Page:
The traditional dinner party, part 1

It seems that the formal dinner is on life support. No one is setting out different wine glasses or (horror!) seating interesting strangers next to one another if they have special things in common. Entertaining is now informal, from a buffet to a casual get-together.

Here are the modern do’s and don’ts for dinner party guests and hosts:

If someone offers to feed you, accept or decline (hopefully) promptly. Under no circumstances should you start quizzing the host about who else is invited.

When someone tells you to arrive at 7.30pm, the last thing they want you to do is arrive at 7.30pm. They will be in the shower. Or at the supermarket. Give it 15 minutes. In Washington the Brits still turn up dead on time, the Virginians much later.

Keep it simple
Do not be too ambitious. Ultimately, no one cares. They will remember how drunk they got and what a laugh they had. The food is almost immaterial, a framework for social interaction.

Flowers? Wine that needs decanting? A dessert that needs defrosting? Do not lumber your host with extra work.

Bring more booze than you need. Do not arrive with a four-pack of Carling or a Hungarian prosecco someone left at your house three years ago. An easygoing sharing of the wine goes with the territory. But contribute fairly, and in no circumstance try to return home with any of the wine you brought. That alcohol is the host’s to keep, a bonus embedded in law.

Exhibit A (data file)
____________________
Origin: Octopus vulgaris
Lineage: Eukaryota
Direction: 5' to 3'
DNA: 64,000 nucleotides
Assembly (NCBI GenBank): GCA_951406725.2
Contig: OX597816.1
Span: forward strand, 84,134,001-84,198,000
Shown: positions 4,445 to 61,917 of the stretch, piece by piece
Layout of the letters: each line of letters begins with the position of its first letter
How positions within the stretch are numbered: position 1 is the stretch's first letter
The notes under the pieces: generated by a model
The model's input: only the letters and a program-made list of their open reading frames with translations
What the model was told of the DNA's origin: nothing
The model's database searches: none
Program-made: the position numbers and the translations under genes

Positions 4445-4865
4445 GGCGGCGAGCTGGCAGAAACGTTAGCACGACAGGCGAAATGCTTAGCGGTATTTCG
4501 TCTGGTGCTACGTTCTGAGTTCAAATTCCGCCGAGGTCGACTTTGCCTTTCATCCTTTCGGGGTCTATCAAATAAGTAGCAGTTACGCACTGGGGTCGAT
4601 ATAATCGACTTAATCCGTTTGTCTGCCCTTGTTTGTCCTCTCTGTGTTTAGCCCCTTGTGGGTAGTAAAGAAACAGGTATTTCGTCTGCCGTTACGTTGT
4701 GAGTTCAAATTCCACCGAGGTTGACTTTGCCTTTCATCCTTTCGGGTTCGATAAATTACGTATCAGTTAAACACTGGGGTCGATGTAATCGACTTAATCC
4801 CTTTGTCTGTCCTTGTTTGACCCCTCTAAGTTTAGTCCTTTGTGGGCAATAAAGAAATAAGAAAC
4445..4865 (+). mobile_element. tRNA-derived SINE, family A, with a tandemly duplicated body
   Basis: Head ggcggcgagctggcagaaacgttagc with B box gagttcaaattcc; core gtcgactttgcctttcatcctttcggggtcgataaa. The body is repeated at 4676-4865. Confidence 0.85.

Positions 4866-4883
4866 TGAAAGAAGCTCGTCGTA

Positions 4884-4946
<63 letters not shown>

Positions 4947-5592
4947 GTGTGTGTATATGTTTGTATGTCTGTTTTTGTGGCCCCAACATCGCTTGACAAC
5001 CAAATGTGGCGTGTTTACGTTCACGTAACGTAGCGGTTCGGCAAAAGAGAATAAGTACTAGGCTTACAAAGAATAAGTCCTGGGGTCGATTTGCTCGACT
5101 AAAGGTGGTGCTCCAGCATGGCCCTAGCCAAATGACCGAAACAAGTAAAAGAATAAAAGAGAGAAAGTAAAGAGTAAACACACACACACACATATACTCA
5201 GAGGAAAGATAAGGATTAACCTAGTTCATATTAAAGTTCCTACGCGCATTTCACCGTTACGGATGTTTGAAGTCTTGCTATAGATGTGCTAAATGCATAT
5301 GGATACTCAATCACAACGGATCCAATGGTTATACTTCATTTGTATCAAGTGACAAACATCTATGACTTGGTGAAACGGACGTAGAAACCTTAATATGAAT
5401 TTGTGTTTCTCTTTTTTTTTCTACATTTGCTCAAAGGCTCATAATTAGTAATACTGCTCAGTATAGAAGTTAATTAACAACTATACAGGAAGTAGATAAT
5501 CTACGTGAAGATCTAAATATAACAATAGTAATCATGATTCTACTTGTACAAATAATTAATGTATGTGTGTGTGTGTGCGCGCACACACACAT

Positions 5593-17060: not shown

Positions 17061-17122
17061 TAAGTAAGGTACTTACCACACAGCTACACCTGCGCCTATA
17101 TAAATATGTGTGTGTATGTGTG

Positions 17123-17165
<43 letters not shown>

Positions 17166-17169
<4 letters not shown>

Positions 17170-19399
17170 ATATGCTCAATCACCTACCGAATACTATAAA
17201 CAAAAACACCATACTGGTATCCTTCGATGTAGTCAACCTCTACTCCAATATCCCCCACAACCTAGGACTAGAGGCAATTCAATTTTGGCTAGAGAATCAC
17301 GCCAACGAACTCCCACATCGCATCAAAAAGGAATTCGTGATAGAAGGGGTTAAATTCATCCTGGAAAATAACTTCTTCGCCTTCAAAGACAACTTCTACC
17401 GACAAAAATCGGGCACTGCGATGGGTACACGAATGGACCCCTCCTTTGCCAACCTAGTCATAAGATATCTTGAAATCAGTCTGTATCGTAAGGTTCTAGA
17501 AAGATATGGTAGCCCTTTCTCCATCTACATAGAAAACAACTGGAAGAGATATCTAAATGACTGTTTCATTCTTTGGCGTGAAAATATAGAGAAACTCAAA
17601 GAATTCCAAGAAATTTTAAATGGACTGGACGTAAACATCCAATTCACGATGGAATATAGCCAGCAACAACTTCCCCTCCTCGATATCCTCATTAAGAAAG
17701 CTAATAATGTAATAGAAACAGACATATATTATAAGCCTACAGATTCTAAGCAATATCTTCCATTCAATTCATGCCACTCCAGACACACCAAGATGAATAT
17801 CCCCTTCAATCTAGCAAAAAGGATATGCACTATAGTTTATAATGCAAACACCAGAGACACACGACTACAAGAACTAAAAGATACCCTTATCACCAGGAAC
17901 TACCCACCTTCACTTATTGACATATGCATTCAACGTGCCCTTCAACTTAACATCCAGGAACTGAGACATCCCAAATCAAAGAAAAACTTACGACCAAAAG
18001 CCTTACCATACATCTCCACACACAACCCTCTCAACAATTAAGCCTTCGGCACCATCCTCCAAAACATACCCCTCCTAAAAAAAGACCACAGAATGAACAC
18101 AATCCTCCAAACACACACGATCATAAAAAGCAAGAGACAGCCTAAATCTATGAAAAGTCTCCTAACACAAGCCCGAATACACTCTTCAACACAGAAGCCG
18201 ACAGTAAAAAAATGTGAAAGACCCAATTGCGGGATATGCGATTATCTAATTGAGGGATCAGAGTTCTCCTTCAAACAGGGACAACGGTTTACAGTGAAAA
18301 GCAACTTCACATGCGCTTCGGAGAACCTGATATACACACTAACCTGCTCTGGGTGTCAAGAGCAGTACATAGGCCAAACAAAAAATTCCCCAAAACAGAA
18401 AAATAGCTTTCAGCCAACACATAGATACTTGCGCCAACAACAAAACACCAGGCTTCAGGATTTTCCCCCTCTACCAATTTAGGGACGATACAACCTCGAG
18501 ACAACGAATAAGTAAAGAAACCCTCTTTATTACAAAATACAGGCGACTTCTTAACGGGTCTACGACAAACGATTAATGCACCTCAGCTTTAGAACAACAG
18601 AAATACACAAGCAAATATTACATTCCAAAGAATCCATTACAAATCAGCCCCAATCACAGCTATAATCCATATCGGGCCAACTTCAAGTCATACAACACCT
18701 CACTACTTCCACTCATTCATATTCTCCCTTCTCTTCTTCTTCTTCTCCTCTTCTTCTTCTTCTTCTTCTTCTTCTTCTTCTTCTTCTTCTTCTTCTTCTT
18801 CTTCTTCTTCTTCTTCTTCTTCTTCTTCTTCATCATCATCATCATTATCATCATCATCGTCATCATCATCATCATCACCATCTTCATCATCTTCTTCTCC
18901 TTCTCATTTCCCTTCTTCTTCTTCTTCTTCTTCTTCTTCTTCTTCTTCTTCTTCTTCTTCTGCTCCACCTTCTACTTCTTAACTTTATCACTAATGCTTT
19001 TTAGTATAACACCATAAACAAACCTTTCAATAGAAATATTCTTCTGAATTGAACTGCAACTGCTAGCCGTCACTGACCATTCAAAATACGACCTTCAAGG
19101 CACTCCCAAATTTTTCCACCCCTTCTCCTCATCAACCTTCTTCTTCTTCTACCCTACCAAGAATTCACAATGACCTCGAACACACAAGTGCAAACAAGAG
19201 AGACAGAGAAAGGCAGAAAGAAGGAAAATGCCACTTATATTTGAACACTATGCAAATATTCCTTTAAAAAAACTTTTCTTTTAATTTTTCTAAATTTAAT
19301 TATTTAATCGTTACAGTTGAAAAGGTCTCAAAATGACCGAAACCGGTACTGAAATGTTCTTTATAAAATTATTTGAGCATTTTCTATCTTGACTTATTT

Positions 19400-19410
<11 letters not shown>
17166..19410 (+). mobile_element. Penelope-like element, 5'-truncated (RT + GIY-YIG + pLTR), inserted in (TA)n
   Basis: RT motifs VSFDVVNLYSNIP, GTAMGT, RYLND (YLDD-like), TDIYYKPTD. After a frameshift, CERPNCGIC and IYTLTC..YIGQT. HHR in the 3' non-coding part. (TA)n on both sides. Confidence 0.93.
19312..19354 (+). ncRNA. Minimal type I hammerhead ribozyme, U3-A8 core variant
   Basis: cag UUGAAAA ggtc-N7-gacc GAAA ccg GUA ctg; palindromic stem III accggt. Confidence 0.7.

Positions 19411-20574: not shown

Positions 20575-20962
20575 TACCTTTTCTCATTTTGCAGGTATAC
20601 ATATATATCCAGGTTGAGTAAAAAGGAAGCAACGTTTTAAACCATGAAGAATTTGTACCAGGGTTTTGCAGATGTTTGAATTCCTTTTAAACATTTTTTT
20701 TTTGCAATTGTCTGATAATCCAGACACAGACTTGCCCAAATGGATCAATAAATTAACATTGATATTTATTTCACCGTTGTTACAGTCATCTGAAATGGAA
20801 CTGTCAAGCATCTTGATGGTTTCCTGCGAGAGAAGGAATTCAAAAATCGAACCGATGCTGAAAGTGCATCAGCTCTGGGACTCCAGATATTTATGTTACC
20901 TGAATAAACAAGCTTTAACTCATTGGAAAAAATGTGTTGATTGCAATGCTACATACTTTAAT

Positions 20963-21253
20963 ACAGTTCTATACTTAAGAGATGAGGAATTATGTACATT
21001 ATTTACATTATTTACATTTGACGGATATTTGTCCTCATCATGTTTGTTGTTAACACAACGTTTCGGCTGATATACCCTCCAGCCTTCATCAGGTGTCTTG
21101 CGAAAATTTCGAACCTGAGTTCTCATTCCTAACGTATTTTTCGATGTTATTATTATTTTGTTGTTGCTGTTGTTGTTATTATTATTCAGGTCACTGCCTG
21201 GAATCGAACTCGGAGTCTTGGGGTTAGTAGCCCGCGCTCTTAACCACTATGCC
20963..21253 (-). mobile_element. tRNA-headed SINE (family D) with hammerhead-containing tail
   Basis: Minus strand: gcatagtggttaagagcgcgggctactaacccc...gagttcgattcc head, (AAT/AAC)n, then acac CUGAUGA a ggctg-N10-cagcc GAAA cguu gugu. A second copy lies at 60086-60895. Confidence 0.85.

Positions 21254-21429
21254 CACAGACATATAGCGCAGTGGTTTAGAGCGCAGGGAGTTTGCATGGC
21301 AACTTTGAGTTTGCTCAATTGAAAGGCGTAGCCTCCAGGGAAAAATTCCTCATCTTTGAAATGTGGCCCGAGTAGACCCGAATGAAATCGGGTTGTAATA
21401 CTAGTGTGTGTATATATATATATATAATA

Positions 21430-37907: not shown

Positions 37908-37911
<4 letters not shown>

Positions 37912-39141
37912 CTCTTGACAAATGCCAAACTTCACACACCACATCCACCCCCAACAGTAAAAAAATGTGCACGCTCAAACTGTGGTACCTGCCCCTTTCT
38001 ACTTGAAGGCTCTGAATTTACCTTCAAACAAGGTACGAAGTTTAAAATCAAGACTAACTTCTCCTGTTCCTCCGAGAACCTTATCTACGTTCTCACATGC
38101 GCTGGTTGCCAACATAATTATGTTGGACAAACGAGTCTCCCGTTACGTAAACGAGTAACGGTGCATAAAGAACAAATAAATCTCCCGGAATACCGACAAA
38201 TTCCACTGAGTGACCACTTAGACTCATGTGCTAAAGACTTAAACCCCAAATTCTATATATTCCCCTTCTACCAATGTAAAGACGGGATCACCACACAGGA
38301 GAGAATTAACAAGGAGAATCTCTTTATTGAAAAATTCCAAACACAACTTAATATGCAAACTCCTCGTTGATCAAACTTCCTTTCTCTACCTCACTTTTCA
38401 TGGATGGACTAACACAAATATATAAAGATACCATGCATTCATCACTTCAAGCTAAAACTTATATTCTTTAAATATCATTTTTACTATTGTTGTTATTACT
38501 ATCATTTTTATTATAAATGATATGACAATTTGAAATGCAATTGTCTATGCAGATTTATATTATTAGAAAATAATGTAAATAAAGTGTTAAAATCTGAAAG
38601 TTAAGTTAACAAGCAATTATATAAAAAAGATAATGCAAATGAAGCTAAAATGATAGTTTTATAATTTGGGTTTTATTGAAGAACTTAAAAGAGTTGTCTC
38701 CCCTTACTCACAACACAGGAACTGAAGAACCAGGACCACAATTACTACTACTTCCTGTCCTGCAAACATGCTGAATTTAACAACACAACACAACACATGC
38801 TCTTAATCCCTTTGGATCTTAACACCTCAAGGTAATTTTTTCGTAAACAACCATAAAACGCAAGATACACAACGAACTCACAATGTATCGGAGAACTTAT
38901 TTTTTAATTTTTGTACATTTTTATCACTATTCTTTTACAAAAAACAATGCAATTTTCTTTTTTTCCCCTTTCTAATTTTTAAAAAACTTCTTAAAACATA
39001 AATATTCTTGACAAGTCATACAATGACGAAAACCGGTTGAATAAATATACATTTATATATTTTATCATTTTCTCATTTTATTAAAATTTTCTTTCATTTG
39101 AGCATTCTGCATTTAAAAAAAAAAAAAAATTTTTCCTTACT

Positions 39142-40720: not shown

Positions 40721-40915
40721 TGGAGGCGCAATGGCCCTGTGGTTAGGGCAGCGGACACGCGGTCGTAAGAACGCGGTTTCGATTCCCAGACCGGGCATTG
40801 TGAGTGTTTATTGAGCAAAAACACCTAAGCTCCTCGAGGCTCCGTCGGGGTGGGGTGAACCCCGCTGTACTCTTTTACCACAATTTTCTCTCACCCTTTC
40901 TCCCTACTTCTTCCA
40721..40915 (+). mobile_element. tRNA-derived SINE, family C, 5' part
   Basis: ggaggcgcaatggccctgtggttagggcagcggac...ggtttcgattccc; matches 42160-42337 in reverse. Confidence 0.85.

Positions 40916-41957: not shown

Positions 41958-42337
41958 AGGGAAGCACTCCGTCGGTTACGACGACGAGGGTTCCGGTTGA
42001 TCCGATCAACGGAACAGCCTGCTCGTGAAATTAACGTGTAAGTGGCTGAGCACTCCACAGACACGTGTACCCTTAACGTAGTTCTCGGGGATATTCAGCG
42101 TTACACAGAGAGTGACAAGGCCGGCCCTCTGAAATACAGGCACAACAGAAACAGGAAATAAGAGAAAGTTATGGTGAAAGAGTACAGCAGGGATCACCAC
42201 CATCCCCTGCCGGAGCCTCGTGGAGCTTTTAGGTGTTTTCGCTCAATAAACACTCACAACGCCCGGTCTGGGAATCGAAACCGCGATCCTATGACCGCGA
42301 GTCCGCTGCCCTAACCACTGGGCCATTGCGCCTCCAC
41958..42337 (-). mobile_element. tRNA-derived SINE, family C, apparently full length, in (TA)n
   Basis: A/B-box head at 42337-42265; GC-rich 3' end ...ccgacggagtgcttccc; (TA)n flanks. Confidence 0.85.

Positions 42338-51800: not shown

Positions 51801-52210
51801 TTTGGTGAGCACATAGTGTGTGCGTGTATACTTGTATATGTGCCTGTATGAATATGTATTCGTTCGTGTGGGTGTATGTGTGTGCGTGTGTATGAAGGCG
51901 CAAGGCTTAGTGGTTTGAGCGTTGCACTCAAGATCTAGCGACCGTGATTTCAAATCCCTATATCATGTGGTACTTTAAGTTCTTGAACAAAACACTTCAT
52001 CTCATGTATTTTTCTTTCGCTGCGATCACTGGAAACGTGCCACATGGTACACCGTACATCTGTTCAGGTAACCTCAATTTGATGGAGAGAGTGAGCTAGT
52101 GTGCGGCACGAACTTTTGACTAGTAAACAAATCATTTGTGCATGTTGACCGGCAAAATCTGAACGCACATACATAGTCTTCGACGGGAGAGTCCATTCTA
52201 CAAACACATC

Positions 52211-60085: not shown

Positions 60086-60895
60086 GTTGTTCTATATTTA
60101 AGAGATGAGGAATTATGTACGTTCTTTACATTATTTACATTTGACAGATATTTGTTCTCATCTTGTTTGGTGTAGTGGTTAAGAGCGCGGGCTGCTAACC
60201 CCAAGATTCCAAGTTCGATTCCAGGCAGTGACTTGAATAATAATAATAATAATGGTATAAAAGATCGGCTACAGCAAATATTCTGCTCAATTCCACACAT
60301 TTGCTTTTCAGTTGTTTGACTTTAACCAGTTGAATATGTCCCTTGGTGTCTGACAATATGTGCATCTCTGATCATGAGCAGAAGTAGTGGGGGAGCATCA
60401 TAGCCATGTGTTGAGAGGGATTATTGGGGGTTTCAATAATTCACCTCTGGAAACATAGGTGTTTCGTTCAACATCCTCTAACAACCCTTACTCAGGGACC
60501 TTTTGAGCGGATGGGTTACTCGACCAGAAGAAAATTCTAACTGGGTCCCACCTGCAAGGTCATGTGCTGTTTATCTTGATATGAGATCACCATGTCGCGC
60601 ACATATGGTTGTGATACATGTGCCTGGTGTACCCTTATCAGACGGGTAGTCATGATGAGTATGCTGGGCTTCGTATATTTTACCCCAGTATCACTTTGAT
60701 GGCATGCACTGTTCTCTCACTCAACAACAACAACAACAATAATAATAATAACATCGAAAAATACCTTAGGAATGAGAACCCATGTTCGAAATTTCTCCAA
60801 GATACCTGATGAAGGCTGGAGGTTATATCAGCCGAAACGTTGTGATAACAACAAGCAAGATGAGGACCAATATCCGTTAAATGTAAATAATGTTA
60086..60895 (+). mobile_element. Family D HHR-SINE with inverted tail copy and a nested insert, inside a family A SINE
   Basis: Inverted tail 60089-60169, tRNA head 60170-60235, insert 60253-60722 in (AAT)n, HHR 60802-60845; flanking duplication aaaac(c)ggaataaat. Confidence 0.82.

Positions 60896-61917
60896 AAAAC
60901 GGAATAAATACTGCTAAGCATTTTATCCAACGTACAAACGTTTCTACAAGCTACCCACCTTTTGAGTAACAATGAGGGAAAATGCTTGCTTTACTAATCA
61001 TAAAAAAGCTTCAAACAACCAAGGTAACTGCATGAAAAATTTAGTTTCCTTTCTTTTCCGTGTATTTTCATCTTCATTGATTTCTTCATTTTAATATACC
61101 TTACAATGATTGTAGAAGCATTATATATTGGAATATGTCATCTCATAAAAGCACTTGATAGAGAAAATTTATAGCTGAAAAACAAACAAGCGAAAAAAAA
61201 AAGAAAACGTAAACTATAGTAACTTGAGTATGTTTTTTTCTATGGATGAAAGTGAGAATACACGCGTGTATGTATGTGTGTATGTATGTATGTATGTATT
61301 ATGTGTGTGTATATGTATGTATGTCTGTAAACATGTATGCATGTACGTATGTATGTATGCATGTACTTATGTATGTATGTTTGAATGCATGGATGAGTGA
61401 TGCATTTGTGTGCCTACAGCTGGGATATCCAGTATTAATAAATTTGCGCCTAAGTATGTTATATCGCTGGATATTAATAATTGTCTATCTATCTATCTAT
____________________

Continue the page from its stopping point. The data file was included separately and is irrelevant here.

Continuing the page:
Cold calculation
Do not cram your beers into the host’s fridge. Buy some ice and bring your chilled drink in a cool bag.

Sharing the load
If everyone is pitching in and you’re asked to bring a starter or dessert, no one will mind how much you spend. This is not a financial quid pro quo. Nor are you under obligation to cook from scratch. This is not The Great British Bake Off. It should be a relaxing meal among people you love, not a high-wire test of your choux pastry.

Do not turn up late with a starter that takes an hour to cook, causing an oven logjam. Bringing paté? Then bring the bits, too: bread for toast, chutneys and pickles. It is the thought that counts. That, and bringing enough to feed everyone. This is a party, right?

Potluck packaging
Do not bring dishes in fancy cookware. Such things are often mislaid in the melee. It may be weeks before you see your cookware again.

Child maintenance
Give kids (cheap, frozen) pizza and chips. Anything else is a waste. On no account give them what the adults are eating. There is nothing more demoralising than watching a seven-year-old refuse to eat as its parents let their meal go cold.

Continued tomorrow…… ( P.S By now you might have guessed where I am going with this)

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